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BACKGROUND: Patients with chronic neuromuscular disease represent less than 10% of those receiving mechanical ventilation in the intensive care unit (ICU). Little has been reported regarding either ICU management of acute respiratory failure (ARF) in the era of noninvasive mechanical ventilation (NIV) or long-term outcomes.
OBJECTIVE: To describe the respiratory management of patients with chronic neuromuscular diseases admitted to our university hospital ICU for ARF, and the long-term outcomes.
METHODS: We retrospectively analyzed patients with chronic neuromuscular diseases admitted to our ICU for a first episode of ARF between January 1, 1996, and February 27, 2007. We assessed severity of illness on ICU admission, respiratory management during ICU stay, and outcomes on June 15, 2008.
RESULTS: During the study period, 87 patients (44 with hereditary and 43 with acquired neuromuscular diseases) had their first ARF episode that required ICU admission. In the hereditary-diseases group and the acquired-diseases group, respectively, the rates of NIV use during the ICU stay were 82% and 63% (P = .040), the intubation rates were 30% and 56% (P = .02), and the tracheotomy rates were 9% and 12% (difference not significant). At the final assessment (median 3 years) the mortality rate was 58%, and mortality was not significantly related to the type of neuromuscular disease. At final assessment, 46% of the patients were on NIV and 29% had tracheotomy.
CONCLUSIONS: In our ICU, chronic neuromuscular disease is an uncommon cause of ARF, for which we often use NIV. These patients had a low probability of death in the ICU. Long-term outcome was independent of the type of neuromuscular disease.
- chronic neuromuscular disease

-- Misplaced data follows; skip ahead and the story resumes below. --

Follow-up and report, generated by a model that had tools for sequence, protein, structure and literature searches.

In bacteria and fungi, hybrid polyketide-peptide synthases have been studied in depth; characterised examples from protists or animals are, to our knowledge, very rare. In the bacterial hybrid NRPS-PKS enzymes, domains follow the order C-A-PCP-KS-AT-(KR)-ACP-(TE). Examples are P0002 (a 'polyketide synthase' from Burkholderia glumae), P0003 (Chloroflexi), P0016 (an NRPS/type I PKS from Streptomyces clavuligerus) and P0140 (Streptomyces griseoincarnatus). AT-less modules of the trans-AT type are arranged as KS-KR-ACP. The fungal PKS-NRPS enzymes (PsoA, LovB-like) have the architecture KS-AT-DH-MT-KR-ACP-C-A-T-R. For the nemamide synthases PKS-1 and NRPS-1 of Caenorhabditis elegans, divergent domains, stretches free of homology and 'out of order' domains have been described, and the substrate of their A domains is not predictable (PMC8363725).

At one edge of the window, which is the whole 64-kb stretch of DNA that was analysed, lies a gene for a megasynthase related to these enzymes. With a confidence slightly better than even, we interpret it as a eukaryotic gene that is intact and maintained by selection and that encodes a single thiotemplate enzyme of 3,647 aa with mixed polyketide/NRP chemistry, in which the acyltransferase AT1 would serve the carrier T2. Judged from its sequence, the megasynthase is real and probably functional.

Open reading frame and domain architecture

- amyotrophic lateral sclerosis
- muscular dystrophy
- noninvasive ventilation
- acute respiratory failure
- mechanical ventilation
Although critical illness neuropathy/myopathy has received much attention in recent years,1 intensive care unit (ICU) weakness can also arise from various hereditary or acquired chronic neuromuscular conditions, such as amyotrophic lateral sclerosis (ALS), myasthenia gravis,2 and these patients are admitted to the ICU for various reasons, including acute respiratory failure (ARF), initiation of noninvasive or invasive mechanical ventilation for long-term ventilatory support, or gastrostomy for enteral nutrition. Though the underlying pathogenic mechanisms, the neuromuscular involvement patterns, and the disease courses differ in the aforementioned diseases, they share common pathophysiological factors. The most important are global hypoventilation due to inspiratory muscle weakness, inability to cough and clear airway secretions (due to expiratory muscle weakness), upper-airway obstruction during sleep (due to pharyngeal muscle weakness), and swallowing impairment and consequent risk of aspiration (due to uncoordinated functioning of the pharynx and the larynx). Ensuring the adequate management of such situations is a subtle and specific process3,4 that includes cough assist, clearing airway secretions,5 noninvasive ventilation (NIV), the appropriate timing of tracheal intubation, and the decision of whether or when to carry out a tracheotomy. These strategies might not be implemented in all ICUs, even though ICU use of NIV has exploded.6 These patients are probably best managed in specialized ICUs that have the appropriate technical and human resources. Our department has been involved for many years in the care management of patients with chronic neuromuscular disease.7 The ICU management of and long-term post-ARF/ICU outcomes in such patients have been rarely reported. We describe the respiratory management and long-term outcomes of patients with the chronic neuromuscular diseases who were admitted to our ICU for ARF. We compare the patients with hereditary versus acquired neuromuscular diseases. Our hypothesis was that the patients with the acquired diseases would have worse outcomes, after controlling for confounding factors.
Our ethics committee approved this study and waived the informed consent requirement, provided the patients' identities were protected.